Direct Air Capture
There are currently 18 direct air capture plants operating worldwide, capturing almost 0.01 Mt CO2/year, and a 1 Mt CO2/year capture plant is in advanced development in the United States. In the Net Zero Emissions by 2050 Scenario, direct air capture is scaled up to capture almost 60 Mt CO2/year by 2030. This level of deployment is within reach, but will require several more large-scale demonstration plants to refine the technology and reduce capture costs.
Electrolysers are a critical technology for the production of low-emission hydrogen from renewable or nuclear electricity. Electrolysis capacity for dedicated hydrogen production has been growing at an accelerated pace for some years. The past year has been a record year of electrolysis deployment, with more than 200 MW of capacity entering operation, a threefold increase on 2020. Total installed capacity has reached 0.5 GW and is expected to grow to over 1 GW by the end of 2022. The realisation of all the projects in the pipeline could lead to an installed electrolyser capacity of 134-240 GW by 2030, twice the expectations from last year. Also, electrolyser manufacturing capacity has doubled since last year, reaching nearly 8 GW per year. However, electrolysis capacity is growing from a very low base and requires a significant acceleration to get on track with the Net Zero Emissions by 2050 Scenario, which requires expanding electrolysis capacity to above 700 GW by 2030.
In 2021 district heat production increased by around 3% compared with 2020 and met nearly 8% of the global final heating need in buildings and industry. District heating networks offer great potential for efficient, cost-effective and flexible large-scale integration of low-carbon energy sources into the heating energy mix.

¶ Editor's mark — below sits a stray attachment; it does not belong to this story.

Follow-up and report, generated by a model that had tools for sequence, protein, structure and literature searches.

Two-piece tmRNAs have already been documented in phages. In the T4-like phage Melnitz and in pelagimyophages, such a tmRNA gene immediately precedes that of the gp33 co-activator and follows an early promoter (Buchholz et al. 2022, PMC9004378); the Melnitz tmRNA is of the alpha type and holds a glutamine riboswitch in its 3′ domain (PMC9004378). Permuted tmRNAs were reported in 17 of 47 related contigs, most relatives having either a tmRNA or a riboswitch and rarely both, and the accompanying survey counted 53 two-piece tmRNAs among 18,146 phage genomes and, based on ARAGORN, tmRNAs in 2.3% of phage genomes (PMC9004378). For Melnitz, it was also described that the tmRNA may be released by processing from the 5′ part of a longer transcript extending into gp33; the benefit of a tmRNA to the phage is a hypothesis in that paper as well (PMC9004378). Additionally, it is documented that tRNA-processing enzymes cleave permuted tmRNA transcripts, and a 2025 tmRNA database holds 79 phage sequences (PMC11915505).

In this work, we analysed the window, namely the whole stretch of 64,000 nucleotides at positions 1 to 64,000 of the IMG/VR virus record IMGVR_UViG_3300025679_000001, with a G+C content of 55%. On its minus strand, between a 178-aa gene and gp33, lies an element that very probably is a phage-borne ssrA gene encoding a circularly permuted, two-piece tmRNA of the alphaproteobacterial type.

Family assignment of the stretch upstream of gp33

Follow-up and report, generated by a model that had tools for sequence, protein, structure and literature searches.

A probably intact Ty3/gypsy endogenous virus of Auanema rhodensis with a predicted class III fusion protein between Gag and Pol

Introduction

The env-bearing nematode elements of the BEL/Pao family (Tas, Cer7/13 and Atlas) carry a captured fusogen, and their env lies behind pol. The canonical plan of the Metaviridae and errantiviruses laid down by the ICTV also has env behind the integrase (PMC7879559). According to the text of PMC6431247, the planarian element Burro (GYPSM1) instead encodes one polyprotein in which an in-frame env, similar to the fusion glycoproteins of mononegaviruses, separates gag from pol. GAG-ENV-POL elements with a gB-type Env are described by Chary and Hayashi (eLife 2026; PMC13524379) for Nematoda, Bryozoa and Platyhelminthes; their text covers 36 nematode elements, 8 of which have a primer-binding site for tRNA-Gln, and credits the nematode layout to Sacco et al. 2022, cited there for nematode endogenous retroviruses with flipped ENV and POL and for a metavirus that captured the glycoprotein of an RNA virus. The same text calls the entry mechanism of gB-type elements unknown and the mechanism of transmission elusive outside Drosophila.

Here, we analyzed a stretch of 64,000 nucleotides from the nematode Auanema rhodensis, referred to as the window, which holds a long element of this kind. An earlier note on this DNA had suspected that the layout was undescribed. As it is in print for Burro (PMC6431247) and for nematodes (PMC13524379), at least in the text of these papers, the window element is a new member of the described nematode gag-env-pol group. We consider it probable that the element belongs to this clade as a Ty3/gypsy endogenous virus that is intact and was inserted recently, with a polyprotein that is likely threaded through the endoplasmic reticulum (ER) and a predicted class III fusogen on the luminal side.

However, the decarbonisation potential of district heating is largely untapped, as fossil fuels still dominate district network supplies globally (about 90% of total heat production), especially in the two largest markets of China and Russia.
Aligning with the Net Zero Emissions by 2050 Scenario requires significant efforts to rapidly improve the energy efficiency of existing networks, switch them to renewable heat sources (such as bioenergy, solar thermal, heat pumps and geothermal), integrate secondary heat sources (such as waste heat from industrial installations and data centres), and to develop high-efficiency infrastructure in areas with dense heat demand.
Data Centres and Data Transmission Networks
Demand for digital services is growing rapidly. Since 2010, the number of internet users worldwide has more than doubled, while global internet traffic has expanded 20-fold. Rapid improvements in energy efficiency have, however, helped moderate growth in energy demand from data centres and data transmission networks, which each account for 1-1.5% of global electricity use. Significant additional government and industry efforts on energy efficiency, RD&D, and decarbonising electricity supply and supply chains are necessary to curb energy demand and reduce emissions rapidly over the coming decade to align with the Net Zero by 2050 Scenario.